A lifelong passion of listening to music laid the groundwork for John Cotter’s post-retirement activities.
When many are looking to travel, play golf or take up some hobby, Cotter has chosen to tote speakers around, lay microphone cable and search for just the right audio mix. Since 2011, the former instructor in aviation at Southern Illinois University Carbondale has been providing audio services and sound reinforcement throughout the region with his business, Happy Dog Audio.
Audio mixing is not new to Cotter. His first experiences as a sound engineer was for the short-lived band of a college roommate in the 1973. He says his career put sound and sound systems on the back burner until retiring from SIUC.
“I’ve always loved listening to music, especially on real high-quality audio systems,” Cotter said. “I can tell the nuances and little things right away and that’s why I always try to make things sound as good as possible.”
A self-proclaimed “detail guy,” Cotter says his personality and passion meet when he is running sound for presentations and musical performances.
“I come from the world of aviation maintenance and aviation flight, where we plan, plan a lot and then follow the plan,” he said. “That’s how I like to operate and how I like to do sound. I like to plan and then execute the plan. I like to plan as much as I can in advance. I enjoy working on complex systems and if you can deal with all of the systems on a commercial aircraft, you probably can handle a sound system.”
Cotter says his goal is to understand the needs of a band, event organizers as well as the venue and the desires of listeners. The extra planning can mean a single “gig” is an 20- to 24-hour undertaking for Cotter.
“For me, a major event can be 16 hours workday and that’s even without planning on the day prior,” he said. “The sound person has to be there many hours before the event and is usually there a couple of hours afterward. I don’t think people other than musicians realize how hard the sound person works.”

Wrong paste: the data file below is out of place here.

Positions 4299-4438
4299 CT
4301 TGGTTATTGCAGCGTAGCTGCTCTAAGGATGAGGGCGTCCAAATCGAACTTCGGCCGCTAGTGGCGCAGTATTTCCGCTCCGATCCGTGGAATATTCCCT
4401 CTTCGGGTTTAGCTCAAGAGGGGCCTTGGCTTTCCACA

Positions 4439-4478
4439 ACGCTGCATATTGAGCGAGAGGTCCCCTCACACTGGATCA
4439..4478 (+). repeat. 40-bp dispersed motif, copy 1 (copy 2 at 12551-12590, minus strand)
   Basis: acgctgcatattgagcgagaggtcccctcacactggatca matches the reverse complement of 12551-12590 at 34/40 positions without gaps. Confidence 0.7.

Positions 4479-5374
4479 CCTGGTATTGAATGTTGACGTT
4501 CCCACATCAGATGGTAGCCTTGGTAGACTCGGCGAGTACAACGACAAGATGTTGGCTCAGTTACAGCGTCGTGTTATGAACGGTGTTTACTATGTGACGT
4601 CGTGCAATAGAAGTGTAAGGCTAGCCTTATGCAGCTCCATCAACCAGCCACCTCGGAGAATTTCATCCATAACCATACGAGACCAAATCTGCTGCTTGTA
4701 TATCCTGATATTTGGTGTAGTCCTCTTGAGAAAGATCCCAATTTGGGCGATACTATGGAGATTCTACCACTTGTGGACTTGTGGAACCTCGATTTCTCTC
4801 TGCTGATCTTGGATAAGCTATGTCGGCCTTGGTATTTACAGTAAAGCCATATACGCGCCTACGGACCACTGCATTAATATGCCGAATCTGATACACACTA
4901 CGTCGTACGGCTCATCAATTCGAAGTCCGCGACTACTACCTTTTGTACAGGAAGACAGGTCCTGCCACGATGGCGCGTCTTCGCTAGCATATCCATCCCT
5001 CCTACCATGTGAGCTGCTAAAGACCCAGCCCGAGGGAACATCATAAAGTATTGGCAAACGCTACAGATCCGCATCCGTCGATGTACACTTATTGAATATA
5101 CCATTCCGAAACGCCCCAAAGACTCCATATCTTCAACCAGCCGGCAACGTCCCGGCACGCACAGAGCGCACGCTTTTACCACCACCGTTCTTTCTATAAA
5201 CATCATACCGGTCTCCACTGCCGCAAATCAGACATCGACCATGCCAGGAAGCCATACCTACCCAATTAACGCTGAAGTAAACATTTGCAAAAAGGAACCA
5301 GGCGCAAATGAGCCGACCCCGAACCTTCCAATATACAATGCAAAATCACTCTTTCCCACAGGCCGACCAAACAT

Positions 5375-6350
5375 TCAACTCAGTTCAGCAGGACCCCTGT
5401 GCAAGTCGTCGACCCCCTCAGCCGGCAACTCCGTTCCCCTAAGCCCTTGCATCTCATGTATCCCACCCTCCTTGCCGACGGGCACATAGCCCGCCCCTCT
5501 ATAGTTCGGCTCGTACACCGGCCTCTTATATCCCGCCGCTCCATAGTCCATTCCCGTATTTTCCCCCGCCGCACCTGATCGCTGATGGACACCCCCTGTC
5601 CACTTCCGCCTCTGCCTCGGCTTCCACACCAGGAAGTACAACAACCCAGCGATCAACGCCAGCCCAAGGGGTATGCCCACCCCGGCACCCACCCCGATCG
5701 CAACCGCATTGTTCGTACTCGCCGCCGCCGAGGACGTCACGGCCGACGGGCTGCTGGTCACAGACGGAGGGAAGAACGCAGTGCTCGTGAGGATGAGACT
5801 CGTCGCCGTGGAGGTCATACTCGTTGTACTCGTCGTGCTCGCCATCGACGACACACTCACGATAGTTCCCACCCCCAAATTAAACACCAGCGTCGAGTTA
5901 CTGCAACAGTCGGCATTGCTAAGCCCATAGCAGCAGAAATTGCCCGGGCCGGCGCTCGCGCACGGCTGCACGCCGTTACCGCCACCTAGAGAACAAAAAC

Cotter says he still considers himself a student of sound engineering, and admits he tries to read everything he can find on sound mixing and getting the best audio possible to come through the speakers. He adds that equipment can make a difference and admits to frequently buying more and more equipment to get the job done.
“I’ve bought hundreds of pieces of equipment, everything from speakers and amplifiers to microphones and cables,” he says. “You never know what you’re going to need.”
Cotter says he’s having fun as Happy Dog Audio.
“I’m doing this because I love music and the real reward for me is when people come up to me and say ‘Wow. That sounded great.’ That’s what’s it really is all about for me. I like to stress that Happy Dog Audio is about lower volume and higher quality sound.”
In fact, Cotter says that philosophy is the origin of the company name.
“We got the name from the dog on the old RCA Victor logo,” Cotter said. “If you’ll notice the dog is sitting there, listening and the sound isn’t hurting her ears. She’s a happy dog.”